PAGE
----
# Electric field and Laplace's equation

## Homework Statement

I have to show for a conducting sheet bent along one axis into the shape of a wedge, with a certain angle, that the magnitude of the electric field in the bend is proportional to $$r^{(\pi/\theta) - 1}$$, where theta is the opening angle.

## The Attempt at a Solution

I'm not sure how to treat this problem, is this just separation of variables for Laplace's equation in three dimensions?

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You can use separation of variables for Laplace's equation in cylindrical coords. You also know the potential won't have any 'z' dependence so that will simplify your work.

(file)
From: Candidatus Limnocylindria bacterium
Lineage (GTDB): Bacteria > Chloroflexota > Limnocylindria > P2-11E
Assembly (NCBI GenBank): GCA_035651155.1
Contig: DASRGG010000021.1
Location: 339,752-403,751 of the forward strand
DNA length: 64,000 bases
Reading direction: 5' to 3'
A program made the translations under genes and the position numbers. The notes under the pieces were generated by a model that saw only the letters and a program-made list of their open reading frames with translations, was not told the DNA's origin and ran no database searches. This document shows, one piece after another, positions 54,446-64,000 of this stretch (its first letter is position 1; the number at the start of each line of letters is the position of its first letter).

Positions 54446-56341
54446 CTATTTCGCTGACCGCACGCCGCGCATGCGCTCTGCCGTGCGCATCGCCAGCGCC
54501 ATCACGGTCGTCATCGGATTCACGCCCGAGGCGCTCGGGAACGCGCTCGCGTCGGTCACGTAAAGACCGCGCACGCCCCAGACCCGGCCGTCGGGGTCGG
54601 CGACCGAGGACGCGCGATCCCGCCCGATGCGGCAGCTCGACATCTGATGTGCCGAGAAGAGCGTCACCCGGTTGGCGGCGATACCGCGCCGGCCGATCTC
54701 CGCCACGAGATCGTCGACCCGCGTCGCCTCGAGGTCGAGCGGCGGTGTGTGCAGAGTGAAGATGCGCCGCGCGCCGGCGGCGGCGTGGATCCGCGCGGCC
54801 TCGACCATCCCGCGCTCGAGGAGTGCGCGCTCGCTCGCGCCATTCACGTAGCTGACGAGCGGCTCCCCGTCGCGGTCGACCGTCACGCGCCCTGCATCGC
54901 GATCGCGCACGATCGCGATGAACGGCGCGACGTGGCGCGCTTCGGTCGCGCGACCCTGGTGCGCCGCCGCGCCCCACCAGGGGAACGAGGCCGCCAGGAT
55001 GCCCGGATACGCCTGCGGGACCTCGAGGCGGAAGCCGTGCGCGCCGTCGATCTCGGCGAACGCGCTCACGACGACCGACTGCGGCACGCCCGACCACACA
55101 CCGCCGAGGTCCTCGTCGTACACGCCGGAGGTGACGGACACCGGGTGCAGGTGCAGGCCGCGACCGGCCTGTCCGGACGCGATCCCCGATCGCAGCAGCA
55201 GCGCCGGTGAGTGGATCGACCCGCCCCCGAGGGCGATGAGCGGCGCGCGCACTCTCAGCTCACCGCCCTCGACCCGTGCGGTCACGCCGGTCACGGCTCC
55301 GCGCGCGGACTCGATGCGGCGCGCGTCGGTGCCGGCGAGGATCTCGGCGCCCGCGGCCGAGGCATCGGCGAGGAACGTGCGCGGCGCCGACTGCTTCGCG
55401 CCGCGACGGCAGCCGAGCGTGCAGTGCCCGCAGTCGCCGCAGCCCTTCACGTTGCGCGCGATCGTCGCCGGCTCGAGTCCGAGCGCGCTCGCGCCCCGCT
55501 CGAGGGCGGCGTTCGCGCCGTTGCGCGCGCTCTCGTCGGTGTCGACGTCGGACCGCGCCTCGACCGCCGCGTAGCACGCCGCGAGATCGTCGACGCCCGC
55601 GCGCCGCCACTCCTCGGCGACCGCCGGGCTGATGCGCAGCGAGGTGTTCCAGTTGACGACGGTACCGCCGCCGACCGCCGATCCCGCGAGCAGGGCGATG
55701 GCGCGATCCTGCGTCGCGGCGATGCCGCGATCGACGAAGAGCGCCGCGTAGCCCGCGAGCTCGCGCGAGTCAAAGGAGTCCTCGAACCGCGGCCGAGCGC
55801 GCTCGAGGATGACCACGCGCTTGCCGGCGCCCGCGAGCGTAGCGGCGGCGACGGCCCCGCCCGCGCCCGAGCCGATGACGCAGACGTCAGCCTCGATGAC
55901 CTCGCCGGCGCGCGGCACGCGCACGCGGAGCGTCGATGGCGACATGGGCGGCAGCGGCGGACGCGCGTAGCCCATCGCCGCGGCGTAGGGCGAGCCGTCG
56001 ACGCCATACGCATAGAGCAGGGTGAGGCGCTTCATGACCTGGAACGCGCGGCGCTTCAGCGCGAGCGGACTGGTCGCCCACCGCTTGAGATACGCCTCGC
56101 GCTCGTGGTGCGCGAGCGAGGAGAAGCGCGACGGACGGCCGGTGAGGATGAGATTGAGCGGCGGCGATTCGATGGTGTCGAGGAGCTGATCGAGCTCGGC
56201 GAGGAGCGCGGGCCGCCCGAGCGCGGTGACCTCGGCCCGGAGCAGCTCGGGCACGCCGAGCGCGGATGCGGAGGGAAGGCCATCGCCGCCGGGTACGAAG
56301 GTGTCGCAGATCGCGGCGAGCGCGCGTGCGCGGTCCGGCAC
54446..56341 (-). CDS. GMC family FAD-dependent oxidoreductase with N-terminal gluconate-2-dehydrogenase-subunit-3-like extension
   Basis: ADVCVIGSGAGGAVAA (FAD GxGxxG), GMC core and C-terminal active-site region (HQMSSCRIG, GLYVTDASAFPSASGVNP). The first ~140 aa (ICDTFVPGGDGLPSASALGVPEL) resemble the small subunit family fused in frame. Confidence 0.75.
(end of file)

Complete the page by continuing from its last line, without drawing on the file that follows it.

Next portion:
I know what the solution is, but I don't really understand the physical logic behind it.

If $$V(s,\phi) = V_{0} + B_{0}Ln s + \Sigma (s^{n}[A cos (n\phi) + B sin (n\phi)] + s^{-n}[C cos (n\phi) + D sin (n\phi)])$$

Now, I know that at z = 0 this forces $$B_{0}, C, and D$$ to go to zero (or else there will be infinite terms), but I don't understand necessarily why. What forces us to conclude, considering cylindrical symmetry, that s -> 0?

Don't forget you have boundary conditions you need to satisfy.

Okay, thats what I thought. But which boundary conditions are those if they are not specified in the problem?

They are specified in the problem. What do you know about potentials and conductors.